|T H E N I H C A T A L Y S T||M A Y J U N E 2005|
Is the Fellows Editorial Board?
The Fellows Editorial Board (FEB) was created in the spring of 2002 to meet the scientific editorial demands of post-doctoral and clinical fellows in the NCI Center for Cancer Research. FEB has recently expanded to include fellows from the entire NIH.
The objectives of FEB are twofold: to provide scientific editing services for NIH fellows and training and editorial experience to board members. Editorial board members edit submitted manuscripts, grant proposals, abstracts, and other scientific documents for grammar, structure, and style, but do not comment on scientific merit. All activity is confidential.
Who can join FEB?
FEB is an all-volunteer organization of postdoctoral and clinical fellows, professional science writers and editors, and scientists trained in editing. FEB now accepts members from all NIH institutions. Editorial experience is not requiredFEB will train.
What is the editorial process?
The senior editor solicits three FEB members to serve as primary editors for each submission. All board members review the submission, and during the weekly meeting (videoconferenced to Frederick and Research Triangle Park), three primary editors lead the discussion of that manuscript. The editors comments are compiled into an electronic report and a hard copy, which are returned to the author within 10 business days.
Who can submit documents to FEB?
All NIH fellows can submit their scientific documents to FEB.
What has FEB accomplished so far?
FEB has edited more than 125 documents for fellows. FEB-edited manuscripts have been published in high-impact, peer-reviewed journals including Molecular and Cellular Biology, Cancer Research, Oncogene, The Journal of Biological Chemistry, Molecular Cell, and Neuroscience Research. FEB has also organized three workshops in its "Become Your Own Best Editor" series to help fellows improve their scientific writing. FEB is planning two workshops, English as a Second Language and Scientific Editing as a Career.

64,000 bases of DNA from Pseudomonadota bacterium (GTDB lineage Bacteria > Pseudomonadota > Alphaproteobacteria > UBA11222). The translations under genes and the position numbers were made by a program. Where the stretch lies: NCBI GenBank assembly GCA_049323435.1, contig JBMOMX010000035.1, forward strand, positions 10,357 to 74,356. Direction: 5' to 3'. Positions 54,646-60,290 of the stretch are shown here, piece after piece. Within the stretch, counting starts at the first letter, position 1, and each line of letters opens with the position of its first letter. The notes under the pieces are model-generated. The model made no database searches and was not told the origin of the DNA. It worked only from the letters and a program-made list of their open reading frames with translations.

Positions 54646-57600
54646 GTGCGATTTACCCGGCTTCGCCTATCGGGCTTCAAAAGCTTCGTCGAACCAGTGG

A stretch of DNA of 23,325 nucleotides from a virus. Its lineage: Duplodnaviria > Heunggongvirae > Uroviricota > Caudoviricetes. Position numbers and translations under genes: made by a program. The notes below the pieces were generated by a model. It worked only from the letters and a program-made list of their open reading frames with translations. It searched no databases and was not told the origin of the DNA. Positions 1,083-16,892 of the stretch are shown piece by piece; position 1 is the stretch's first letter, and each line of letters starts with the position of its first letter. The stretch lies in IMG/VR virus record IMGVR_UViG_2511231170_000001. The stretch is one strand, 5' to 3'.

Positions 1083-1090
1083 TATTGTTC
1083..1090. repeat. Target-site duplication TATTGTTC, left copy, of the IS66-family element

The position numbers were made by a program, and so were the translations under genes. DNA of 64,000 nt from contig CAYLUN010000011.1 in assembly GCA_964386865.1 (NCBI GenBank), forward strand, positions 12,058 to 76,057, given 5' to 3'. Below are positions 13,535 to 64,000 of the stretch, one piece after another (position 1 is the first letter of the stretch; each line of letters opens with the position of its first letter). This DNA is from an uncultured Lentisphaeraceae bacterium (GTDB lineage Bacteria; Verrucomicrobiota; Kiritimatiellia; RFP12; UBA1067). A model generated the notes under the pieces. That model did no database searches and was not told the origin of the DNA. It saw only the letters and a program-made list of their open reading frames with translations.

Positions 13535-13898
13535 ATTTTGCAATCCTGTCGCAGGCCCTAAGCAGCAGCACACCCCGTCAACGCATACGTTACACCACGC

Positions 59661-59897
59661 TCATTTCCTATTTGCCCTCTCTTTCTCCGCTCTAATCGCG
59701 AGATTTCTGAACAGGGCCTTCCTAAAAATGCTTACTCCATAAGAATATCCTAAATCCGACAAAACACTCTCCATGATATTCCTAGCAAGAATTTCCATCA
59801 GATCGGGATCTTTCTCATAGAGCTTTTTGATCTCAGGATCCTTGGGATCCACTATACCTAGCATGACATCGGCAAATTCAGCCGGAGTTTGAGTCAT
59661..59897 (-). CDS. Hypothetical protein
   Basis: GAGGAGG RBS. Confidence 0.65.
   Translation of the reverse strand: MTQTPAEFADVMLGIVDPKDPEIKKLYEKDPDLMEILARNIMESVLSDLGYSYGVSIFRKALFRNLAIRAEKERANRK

Animal research at NIH involving the use of recombinant DNA or human pathogens cannot proceed without prior approval from the NIH Institutional Biosafety Committee (NIH IBC). Principal investigators are responsible for ensuring that complete and accurate registration documents (form 2960 for recombinant DNA and form HPRD for human pathogens) are submitted to the IBCtogether with the relevant animal study proposal (ASP) attached. The NIH IBC meets on the first Wednesday of each month. Review of registration documents proceeds concurrently with Animal Care and Use Committee review of ASPs to expedite the entire review process.
The Radiation Safety Committee (RSC) has created a comprehensive website that houses all the forms and documents needed to submit a clinical protocol to the RSC, apply to become a clinical authorized user, or apply to the Radioactive Drug Research Committee. Also on site are RSC policies, members, and meeting datesand dosimetry tables. The website was the dream of NCIs Lance Liotta, RSC chair for more than 11 years before handing the role to NIDDKs Ira Levin. For more information, contact Victor Voegtli (who planned and constructed the website) at 301-496-5774 or Lisa Coronado 301-496-2253.
The website is accessible outside as well as within the NIH computer system.
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